"No, he assumes I am a great huntress, and that our estate is a wonderland of nature. I have a special request today, Master Kenji. I need a special animal." Kuri stood with her little hands on her hips, serious and imperial. Kenji stood to attention. "Yes my Empress!" he playfully offered. Kuri was no royalty, but her father was a wealthy bureaucrat that was careless with his coins. "What shall we sell you today? I cannot sell you Fu, as he is too ugly, and I cannot sell you Koma, as he is too pretty. Any other, but please not these!"

"Oh, you always say that." said Kuri, her eyes rolling with impatience." I need your help to fix something. Something terrible has happened!". Kuri's eyes filled with serious tears. "I knew I shouldn't have left her alone." she sobbed.

Kuri told her tale. When last they met, Kenji has sold her a noisy little duckling, largely to get it off his cart. Kuri fell in love, as she did every time, and carried it up the tree and into her private world of wealth. She followed the squawking little bird round and round the huge koi pond, feeding it rice and laughing as the fish nibbled at it. Soon, night fell and she desperately tried to herd the animal into the house. The duckling would have nothing to do with that. As her father herded her into the house, she cried and struggled, the willful duck paddled around it's new home.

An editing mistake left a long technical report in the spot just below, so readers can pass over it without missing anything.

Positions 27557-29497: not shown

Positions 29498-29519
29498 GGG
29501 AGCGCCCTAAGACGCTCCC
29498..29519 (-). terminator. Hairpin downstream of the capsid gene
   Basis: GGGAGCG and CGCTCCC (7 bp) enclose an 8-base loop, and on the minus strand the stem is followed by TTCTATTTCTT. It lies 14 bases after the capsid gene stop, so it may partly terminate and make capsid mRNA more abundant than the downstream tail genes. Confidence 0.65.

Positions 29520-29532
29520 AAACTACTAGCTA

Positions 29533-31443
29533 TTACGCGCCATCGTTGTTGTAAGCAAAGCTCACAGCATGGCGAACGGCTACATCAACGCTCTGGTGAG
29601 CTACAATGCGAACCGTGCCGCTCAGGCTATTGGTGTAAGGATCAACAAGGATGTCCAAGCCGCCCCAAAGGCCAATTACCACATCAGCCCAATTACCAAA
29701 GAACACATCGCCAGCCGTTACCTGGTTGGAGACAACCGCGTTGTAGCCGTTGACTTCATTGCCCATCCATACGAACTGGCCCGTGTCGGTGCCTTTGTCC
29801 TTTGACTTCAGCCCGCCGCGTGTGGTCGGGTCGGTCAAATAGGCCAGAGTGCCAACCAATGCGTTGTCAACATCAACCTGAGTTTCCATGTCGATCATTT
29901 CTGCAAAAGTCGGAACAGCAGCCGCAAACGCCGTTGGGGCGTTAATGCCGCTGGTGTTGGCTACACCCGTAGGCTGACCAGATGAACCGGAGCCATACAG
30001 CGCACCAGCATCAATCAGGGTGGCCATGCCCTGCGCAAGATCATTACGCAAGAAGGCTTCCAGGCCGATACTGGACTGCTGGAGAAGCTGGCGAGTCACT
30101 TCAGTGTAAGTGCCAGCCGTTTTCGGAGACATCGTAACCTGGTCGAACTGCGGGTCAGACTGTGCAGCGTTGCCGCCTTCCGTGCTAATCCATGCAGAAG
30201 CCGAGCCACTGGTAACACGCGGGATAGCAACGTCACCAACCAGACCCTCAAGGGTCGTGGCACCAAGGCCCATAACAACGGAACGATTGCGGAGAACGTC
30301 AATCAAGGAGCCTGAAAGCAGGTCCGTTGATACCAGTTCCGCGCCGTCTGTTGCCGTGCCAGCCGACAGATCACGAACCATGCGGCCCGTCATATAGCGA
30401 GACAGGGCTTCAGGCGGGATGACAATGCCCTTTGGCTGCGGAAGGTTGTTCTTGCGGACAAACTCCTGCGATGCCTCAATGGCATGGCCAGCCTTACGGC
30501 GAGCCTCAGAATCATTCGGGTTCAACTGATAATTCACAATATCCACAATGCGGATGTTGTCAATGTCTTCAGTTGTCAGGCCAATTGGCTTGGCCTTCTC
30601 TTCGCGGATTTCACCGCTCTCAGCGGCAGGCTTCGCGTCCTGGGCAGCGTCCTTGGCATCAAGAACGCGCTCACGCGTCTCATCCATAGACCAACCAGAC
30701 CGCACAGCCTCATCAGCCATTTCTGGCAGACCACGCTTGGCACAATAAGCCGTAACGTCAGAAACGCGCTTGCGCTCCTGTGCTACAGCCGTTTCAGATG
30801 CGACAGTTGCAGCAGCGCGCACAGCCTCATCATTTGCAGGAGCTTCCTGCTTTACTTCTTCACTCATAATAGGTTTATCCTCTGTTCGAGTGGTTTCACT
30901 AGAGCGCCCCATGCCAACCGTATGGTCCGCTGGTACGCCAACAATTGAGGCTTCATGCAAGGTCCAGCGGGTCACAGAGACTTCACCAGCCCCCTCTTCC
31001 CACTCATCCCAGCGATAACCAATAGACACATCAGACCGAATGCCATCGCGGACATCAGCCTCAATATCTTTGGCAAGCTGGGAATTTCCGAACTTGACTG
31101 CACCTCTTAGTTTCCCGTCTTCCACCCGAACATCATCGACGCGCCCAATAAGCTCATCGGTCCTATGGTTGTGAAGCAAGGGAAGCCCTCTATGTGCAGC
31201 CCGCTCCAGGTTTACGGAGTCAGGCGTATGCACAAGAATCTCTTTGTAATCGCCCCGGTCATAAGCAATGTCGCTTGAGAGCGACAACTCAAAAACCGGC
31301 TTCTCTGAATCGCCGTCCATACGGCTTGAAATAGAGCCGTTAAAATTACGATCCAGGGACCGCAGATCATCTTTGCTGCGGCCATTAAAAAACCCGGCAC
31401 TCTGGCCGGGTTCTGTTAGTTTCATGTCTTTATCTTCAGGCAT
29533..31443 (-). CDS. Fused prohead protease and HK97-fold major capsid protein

When the house was quiet and asleep, Kuri snuck out into the dark. She carried her father's cane as weapon against the terrors of the night. Kuri could not, would not sleep while her pet was alone in the dark. When she called out and heard no quacking, she felt a dread feeling. The rustling in the reeds had a tone to it that spelled tragedy. Kuri moved into the weeds, and she found her pet. A water snake, one of her earlier purchases, had caught her new pet, and was in the act of eating it, its jaw unhinged. Kuri beat the weeds with the stick, screaming, and the snake left it's prey. The broken little duck lay in the cool grass.

Kuri buried her lost love under the great tree. Her broken heart filled with a righteous child's thirst for vengeance. The snake, black hearted murderer, must die. She grilled her tutors on what natural enemies she could use to balance out the karma of her garden. She was treated to stories of mongooses and eagles, dragons and spirits. Of all the names, Kuri found one most interesting. A badger. All her tutors agreed that it was a most angry, foul animal, with sharp claws and strong jaws, a spitting snarling avatar of revenge. Kuri dreamed of her black and white demon destroying the monstrous snake, traitor to her heart.

Kenji listened intently. When she finished, opened his hands and shrugged, delivering the bad news. While Kuri cried against his arm, Kenji deftly opened a cage and extracted an orange kitten. Soon, the evils of the world were washed away by waves of purring.

When the new friends left, Kenji continued on his way.